Saturday, January 25, 2014

ExClimate: Week 3.3 - Extreme events and climate Discussion

This article is a little bit of a tangent to my regular articles. I am presently doing an online course - Climate Change: Challenges and solutions - offered by the University of Exeter (UK). So please indulge me as I also use this blog for some climate course work. This article is for section 3.3 of the course on State of the climate extreme events.

1. Climate event for 2012 - Cat 4 cyclone Evan in South Pacific devastates Samoa and Fiji

Select an extreme weather event from 2012 (list provided). Does this provide further evidence of climate change or does it add more complexity to the issue?

I chose severe Tropical Cyclone Evan, a category 4 storm which devastated Samoa and Fiji in December 2012. While this particular storm was primarily part of natural climate variability, it fits the trend for more intense tropical cyclones which climate models and climate physics tells us is likely to occur.

Tropical cyclones on a global level are forecast to stay at about the same frequency, but with a greater number of intense tropical cyclones/hurricanes/typhoons occurring, according to the 2011 IPCC SREX Summary for Policymakers report.

Two of the factors in a warming world that are contributing to more intense cyclones: warmer sea surface temperatures globally and around Australia are providing more energy for storm systems to feed from, and a warmer atmosphere increasing the moisture carrying capacity providing the opportunity for heavier torrential rainfall and flood events that can devastate communities, particularly in mountainous areas where landslides are more prevalent.

More intense cyclones also increase storm surge. On top of rising sea levels caused by climate change, storm surges can result in saltwater intrusion damaging freshwater supplies and staple crops. See (James P Terry et al 2010) - Responses of Atoll freshwater lenses to storm-surge overwash in the Northern Cook Islands from Hydrogeology Journal.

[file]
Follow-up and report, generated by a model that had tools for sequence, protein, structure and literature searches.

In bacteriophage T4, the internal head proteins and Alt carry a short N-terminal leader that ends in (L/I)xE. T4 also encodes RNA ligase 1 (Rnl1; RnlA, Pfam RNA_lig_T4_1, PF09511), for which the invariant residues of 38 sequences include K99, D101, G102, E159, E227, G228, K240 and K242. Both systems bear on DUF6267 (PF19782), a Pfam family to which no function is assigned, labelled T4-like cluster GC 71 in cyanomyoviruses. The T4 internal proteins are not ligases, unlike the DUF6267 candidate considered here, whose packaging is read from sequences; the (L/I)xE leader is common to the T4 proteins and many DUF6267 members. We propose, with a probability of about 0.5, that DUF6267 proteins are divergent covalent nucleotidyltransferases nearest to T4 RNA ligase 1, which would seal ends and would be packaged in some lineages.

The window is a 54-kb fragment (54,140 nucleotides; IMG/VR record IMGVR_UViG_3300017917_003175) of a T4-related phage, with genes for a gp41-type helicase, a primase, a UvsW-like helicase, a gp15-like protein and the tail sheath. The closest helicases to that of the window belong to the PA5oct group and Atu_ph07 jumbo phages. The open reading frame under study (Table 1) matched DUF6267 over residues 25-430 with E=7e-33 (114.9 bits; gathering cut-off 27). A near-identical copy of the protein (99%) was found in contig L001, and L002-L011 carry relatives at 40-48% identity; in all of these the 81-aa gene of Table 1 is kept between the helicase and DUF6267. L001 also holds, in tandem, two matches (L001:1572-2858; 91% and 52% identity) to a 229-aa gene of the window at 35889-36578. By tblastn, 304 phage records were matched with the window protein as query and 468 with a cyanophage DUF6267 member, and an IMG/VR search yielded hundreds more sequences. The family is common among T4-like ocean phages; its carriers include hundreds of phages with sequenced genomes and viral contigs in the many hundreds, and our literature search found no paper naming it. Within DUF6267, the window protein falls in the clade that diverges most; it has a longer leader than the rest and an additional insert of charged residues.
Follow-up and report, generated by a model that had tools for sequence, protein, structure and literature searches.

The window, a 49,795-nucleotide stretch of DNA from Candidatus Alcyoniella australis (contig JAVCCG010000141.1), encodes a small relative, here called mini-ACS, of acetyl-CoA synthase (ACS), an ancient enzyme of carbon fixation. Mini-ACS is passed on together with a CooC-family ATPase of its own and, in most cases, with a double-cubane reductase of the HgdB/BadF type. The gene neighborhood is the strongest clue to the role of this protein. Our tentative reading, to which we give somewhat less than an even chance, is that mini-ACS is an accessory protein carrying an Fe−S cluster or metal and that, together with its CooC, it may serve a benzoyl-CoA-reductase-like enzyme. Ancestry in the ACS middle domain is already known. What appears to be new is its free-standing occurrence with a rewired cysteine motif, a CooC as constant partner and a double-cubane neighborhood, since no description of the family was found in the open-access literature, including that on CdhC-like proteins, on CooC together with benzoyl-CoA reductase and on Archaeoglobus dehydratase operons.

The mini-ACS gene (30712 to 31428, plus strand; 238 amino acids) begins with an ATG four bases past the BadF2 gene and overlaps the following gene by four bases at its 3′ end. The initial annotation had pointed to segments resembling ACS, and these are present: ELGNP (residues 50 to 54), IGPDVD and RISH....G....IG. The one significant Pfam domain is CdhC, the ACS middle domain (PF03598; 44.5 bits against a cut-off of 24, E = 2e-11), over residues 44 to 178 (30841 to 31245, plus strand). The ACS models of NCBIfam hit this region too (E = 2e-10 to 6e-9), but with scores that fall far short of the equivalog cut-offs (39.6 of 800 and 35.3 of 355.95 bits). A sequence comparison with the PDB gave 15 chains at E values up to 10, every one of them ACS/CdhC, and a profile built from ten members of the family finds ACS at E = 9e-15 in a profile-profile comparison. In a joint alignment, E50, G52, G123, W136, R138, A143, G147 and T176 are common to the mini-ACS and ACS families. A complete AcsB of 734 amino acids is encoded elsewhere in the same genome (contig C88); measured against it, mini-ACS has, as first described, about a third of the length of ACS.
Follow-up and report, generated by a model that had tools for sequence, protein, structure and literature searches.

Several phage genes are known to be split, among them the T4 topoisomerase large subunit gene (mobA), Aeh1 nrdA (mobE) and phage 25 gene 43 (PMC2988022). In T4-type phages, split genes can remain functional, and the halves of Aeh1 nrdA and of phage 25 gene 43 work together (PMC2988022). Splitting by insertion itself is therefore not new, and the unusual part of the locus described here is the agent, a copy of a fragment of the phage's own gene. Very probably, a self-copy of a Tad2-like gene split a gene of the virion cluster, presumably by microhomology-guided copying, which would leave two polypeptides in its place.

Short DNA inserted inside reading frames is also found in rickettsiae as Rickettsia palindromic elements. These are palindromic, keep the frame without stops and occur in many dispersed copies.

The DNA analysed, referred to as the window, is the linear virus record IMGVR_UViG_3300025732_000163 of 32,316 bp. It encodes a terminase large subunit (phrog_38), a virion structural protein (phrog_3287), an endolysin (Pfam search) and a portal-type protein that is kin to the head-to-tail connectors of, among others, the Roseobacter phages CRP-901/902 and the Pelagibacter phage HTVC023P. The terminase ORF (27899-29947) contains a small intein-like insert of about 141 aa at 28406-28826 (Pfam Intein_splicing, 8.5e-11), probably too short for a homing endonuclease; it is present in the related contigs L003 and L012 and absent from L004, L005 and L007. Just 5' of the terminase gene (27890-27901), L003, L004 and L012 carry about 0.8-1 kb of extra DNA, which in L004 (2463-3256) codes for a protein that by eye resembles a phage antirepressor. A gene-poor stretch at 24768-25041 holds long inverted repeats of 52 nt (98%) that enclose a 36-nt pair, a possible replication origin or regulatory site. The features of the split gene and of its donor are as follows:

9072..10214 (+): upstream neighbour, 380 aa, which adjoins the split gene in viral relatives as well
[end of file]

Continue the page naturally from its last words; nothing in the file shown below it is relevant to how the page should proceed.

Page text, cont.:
2. Will there be more rain or does it depend on where you are?

As the atmosphere warms it can hold more water, but is a warming world likely to have more rain, or does it depend on where on Earth you are?

It depends on where you are on earth. Rainfall patterns are likely to change as atmospheric and ocean circulation patterns change. For example, global warming is causing shifts in the rain band of the South Pacific Convergence Zone causing an increase in extreme weather across the island nation states of the South Pacific.

Generally, as a large scale tendency, wet areas are likely to get even wetter and dry areas are likely to get even drier. On a global level a trend has been detected for Increases in rainfall extremes linked to global warming (Westra et al 2013) See this article at the Conversation website: Increases in Rainfall extremes linked to global warming

This NOAA Geophysical Fluid Dynamics Laboratory Youtube video explains how the subtropics in both the Northern and Southern Hemisphere will have enhanced evaporation with the precipitation moving poleward to the sub-polar latitudes which will receive more precipitation.

Some regional long term precipitation and stream flow trends can already be seen in Australia. For example, the south west of Western Australia has a pronounced long term historical trend of less precipitation. South east Australia also has a long term trend of decreasing rainfall, although not as pronounced as WA.